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How can menopause affect my relationship status?

Patricia Geraghty, NP
Women's Health
Menopause brings physical changes to all women in the stopping of menstrual periods. The presence of additional symptoms such has hot flashes, night sweats, vaginal dryness, weight gain, and mood swings varies tremendously. It may be reassuring to know that the most important factor in relationships before and after menopause is not these physical changes, but the history of the relationship itself. If you've been supportive and happy with your partner, you are most likely to continue to be so after menopause.
Dr. Mehmet Oz, MD
Cardiology (Cardiovascular Disease)
There are so many factors that can influence the health of a relationship, regardless if you are in menopause or not. But when two people are in a loving relationship that includes open and frank discussion of any changes you may be going through, it can go a long way in paving a positive menopausal experience. Many women find this time freeing because there is no longer a worry about pregnancy (but make sure you are completely in menopause lest you get a surprise). It is possible though that your body will change a bit, and while an understanding partner will not be bothered by this, some are unprepared for these changes. Things can get thorny if a woman has painful intercourse because of vaginal dryness, frequent awakenings from night sweats and hot flashes; or changes in mood and sex drive. So the best advice I can give is to educate partners about all the symptoms and changes you will go through during menopause. And if the going gets rough, get help either with counseling, lifestyle modifications or medical therapies.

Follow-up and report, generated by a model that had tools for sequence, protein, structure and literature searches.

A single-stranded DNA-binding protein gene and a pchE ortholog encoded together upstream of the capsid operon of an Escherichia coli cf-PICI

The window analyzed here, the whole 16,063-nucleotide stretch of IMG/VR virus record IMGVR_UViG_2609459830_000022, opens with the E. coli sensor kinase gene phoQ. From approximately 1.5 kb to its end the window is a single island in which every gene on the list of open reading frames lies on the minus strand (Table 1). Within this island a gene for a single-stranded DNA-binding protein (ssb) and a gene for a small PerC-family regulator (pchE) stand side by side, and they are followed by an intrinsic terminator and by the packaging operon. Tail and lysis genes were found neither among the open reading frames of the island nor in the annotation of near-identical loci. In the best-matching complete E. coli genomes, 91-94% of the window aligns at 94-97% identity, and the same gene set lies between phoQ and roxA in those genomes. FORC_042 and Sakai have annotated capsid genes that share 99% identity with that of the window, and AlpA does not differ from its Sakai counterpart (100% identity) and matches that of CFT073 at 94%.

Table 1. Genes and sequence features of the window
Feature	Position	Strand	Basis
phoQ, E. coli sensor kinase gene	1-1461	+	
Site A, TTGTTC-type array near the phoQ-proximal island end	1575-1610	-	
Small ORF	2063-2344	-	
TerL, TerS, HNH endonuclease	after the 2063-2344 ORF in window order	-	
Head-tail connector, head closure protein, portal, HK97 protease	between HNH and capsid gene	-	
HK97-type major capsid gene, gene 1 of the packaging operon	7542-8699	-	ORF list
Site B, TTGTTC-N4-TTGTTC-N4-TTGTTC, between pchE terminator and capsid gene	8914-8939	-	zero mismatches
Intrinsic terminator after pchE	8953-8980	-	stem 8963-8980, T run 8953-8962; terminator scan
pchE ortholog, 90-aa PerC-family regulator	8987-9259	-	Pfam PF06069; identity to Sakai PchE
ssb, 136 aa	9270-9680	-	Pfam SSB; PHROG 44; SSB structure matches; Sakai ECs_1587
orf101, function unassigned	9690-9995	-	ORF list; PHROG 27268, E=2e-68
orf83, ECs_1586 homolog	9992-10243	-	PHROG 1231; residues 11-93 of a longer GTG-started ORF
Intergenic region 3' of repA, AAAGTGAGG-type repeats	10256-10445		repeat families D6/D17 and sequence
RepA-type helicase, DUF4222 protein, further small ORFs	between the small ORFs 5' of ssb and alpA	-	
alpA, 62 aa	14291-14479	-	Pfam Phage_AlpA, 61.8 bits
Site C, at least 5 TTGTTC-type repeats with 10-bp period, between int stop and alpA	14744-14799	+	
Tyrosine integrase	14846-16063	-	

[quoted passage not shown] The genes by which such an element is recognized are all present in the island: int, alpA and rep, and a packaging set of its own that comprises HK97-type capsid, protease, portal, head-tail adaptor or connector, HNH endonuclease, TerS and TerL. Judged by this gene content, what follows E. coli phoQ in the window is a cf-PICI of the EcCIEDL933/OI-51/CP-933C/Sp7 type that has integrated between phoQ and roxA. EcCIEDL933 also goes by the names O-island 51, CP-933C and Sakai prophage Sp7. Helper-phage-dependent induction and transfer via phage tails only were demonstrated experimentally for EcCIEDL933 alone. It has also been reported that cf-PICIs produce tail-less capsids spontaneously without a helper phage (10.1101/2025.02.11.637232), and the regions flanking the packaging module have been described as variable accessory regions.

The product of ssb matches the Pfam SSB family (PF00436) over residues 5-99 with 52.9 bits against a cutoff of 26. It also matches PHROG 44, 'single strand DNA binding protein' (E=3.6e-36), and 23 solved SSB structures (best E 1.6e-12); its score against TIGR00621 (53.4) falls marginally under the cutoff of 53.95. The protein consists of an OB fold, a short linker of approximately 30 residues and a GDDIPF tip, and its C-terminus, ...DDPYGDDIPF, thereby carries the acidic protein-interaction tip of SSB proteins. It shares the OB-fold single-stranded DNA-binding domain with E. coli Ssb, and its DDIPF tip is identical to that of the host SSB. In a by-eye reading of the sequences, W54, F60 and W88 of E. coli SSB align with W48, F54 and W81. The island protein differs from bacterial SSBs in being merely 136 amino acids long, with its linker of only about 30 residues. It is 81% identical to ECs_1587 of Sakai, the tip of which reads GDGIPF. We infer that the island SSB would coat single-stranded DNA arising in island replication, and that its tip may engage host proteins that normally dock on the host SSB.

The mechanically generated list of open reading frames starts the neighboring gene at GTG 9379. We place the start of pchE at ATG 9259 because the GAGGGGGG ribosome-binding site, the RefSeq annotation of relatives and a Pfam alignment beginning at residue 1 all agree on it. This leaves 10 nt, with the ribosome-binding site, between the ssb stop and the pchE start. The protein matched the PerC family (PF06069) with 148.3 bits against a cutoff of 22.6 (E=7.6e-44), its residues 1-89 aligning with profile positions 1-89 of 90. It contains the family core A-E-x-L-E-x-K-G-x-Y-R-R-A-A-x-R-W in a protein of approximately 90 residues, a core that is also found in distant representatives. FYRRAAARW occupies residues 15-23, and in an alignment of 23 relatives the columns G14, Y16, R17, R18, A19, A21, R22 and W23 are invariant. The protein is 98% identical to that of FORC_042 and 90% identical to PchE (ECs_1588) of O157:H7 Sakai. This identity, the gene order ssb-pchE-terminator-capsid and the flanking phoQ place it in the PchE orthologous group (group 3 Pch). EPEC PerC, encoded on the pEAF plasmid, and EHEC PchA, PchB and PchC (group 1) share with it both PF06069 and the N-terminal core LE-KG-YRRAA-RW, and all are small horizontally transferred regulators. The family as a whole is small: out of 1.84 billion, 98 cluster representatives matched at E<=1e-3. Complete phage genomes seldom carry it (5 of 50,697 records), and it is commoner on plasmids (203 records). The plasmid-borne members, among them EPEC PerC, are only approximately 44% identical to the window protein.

Menopause (the change of life ending your fertility) can affect your relationship status by making you less interested in sex and physical intimacy. During menopause, you may experience vaginal dryness and irritation that make sex uncomfortable or painful.

The mood swings, feelings of sadness, and emotional ups and downs of menopause can also cause you to lose your desire for sex. Together, these conditions can threaten your relationship.

These changes occur in only some women and even those women may not necessarily experience this whole list of effects. Talk openly to your doctor and your partner about the changes you're experiencing so that you can maintain a healthy relationship. 

Our sexuality may be changing physically at menopause, but whether or not we are distressed about it depends to a considerable extent on the status of our relationships, our health, and our past sexual experiences. We can find ourselves in sexual turmoil, filled with new doubts or new passions. Or we may accept the sexual changes we notice as part of our aging. We may want to change old relationships or end them. We may feel hurled into physical or emotional makeovers by forces either inside or outside us. We may feel more stuck than we have ever felt before. Or we may not feel very different at all. Our sexuality at menopause is affected by all our earlier emotional and physical experiences of sex, including adolescent sexual identity and experimentation; childbearing and child rearing, if we have children; and experiences of sexual abuse or assault. By the time we reach menopause, many of us have experienced several sexual relationships, while some of us have experienced only one and experienced several distinct stages in its growth or stagnation or both, and others none.

Our Bodies, Ourselves: Menopause

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Our Bodies, Ourselves: Menopause

FROM THE EDITORS OF THE CLASSIC "BIBLE OF WOMEN'S HEALTH," A TRUSTWORTHY, UP-TO-DATE GUIDE TO HELP EVERY WOMAN NAVIGATE THE MENOPAUSE TRANSITION For decades, millions of women have relied on Our...

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Important: This content reflects information from various individuals and organizations and may offer alternative or opposing points of view. It should not be used for medical advice, diagnosis or treatment. As always, you should consult with your healthcare provider about your specific health needs.